Some pages may have interactive online maps. Online maps and mapping services are exempt from the regulations if essential information is provided in an accessible digital manner for maps intended for navigational use.

PDFs and other documents

The accessibility regulations do not require us to fix PDFs or other documents published before 23 September 2018 if they're not essential to providing our services.

The accessibility regulations also do not require us to fix PDFs or other documents provided by third-parties that we have no control over.

Disproportionate burden

Our site has 85 documents in total with 35 inaccessible documents. These documents were created during the two years of COVID-19. Public health had no resources to check the accessibility of these documents during this time.


This assessment relates to documents that are uploaded to the website. 

Other Factors

Also relevant to this decision:

  • We respond to requests for our publications in different formats on a case-by-case basis, so accessible versions are available on demand.
  • In the last 12 months (January 2022 to December 2022) the web team did not receive any requests for accessible versions of these documents.

Planned changes

  • We intend to review and reduce the number of documents that are available on the website based on factors including:
    • Last edit date.
    • Number of clicks from the website to view the document.
    • Documents containing out of date content.
    • We are exploring options of moving some documents to HTML web pages to ensure they are fully accessible.
  • We plan to update any inaccessible documents created from September 2018 to December 2022 where the document has been created with the public health team and original documents are available to convert. We plan to complete this work by July 2023.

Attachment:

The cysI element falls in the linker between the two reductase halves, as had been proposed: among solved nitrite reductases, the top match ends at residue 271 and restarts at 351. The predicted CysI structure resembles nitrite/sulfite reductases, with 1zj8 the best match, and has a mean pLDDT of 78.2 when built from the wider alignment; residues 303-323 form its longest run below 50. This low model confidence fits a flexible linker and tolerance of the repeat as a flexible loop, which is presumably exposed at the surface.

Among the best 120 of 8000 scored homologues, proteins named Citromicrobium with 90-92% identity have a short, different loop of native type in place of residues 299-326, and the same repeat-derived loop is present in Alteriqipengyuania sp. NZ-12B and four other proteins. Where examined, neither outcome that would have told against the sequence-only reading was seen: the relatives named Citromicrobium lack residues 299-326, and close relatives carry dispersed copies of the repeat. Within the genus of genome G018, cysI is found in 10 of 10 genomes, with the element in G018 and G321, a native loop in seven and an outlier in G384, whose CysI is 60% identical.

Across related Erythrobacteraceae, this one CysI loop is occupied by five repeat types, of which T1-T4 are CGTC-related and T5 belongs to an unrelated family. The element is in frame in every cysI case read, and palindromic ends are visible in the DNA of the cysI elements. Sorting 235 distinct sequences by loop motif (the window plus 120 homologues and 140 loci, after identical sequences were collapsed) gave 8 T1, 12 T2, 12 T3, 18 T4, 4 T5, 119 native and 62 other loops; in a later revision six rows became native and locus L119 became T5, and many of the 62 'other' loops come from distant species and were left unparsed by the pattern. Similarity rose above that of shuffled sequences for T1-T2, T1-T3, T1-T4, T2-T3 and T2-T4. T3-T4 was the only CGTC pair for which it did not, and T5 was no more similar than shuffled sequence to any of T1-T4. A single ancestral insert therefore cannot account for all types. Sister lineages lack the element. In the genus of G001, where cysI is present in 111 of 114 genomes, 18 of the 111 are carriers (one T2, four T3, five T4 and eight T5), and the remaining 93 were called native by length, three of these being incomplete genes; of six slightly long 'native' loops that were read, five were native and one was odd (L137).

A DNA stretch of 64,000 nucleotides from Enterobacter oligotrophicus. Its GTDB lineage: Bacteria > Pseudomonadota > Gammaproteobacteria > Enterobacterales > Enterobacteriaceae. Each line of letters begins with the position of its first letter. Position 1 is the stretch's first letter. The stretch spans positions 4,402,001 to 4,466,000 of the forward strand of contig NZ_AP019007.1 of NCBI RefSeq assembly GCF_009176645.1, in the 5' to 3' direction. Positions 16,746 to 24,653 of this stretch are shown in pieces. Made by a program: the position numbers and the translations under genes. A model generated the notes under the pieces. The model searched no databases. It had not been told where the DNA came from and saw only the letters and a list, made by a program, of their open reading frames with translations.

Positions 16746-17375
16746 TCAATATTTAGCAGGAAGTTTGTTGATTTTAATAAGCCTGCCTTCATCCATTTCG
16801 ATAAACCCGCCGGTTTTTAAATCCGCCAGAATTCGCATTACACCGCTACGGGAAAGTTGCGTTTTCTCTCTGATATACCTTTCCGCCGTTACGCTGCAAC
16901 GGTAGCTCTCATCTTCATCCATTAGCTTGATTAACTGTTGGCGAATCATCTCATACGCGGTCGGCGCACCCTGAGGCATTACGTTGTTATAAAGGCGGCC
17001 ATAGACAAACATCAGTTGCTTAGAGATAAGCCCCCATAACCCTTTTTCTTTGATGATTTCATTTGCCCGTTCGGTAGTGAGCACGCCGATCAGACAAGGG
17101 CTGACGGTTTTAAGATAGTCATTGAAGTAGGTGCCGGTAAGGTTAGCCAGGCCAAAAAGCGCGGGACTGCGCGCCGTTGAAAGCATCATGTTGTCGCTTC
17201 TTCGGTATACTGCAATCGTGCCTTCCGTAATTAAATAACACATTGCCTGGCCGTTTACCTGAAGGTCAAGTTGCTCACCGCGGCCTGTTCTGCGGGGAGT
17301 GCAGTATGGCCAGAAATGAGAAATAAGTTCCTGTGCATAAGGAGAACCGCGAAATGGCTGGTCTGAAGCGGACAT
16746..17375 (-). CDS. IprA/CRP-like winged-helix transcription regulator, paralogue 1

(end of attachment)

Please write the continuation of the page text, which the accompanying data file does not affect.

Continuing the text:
Our assessment has concluded that due to lack of resource converting these documents would represent a disproportionate burden on the organisation in terms of resource cost due to the small usage of the documents and the lack of requests that have been made for accessible versions.

We aim to convert original available documents by July 2023.

We expect this disproportionate burden to be required for some documents indefinitely.

Preparation of this accessibility statement

This statement was prepared on 12 December 2022 and last reviewed on 5 January 2023.

How we test this website

We use an automated accessibility audit tool, Silktide to check the accessibility of our website and PDFs. We routinely carry out manual checks on a proportion of our pages and documents to identify issues that can't be detected automatically.


We use plain English to make the text easy to read. We aim to create content for a reading age of 11. We regularly run readability audits on our content and make continual improvements. As of 5 January 2023, our content meets AA accessibility standards and scores 95% on our automated testing software.

If you would like to read the website in another language use Google Translate.

Enforcement procedure

The Equality and Human Rights Commission (EHRC) is responsible for enforcing the Public Sector Bodies (Websites and Mobile Applications) (No. 2) Accessibility Regulations 2018 (the ‘accessibility regulations’).

If you’re not happy with how we respond to your complaint, contact the Equality Advisory and Support Service (EASS).

Feedback and contact information

We’re always looking to improve the accessibility of this website. If you find any problems not listed on this page or think we’re not meeting accessibility requirements, contact the JSNA team.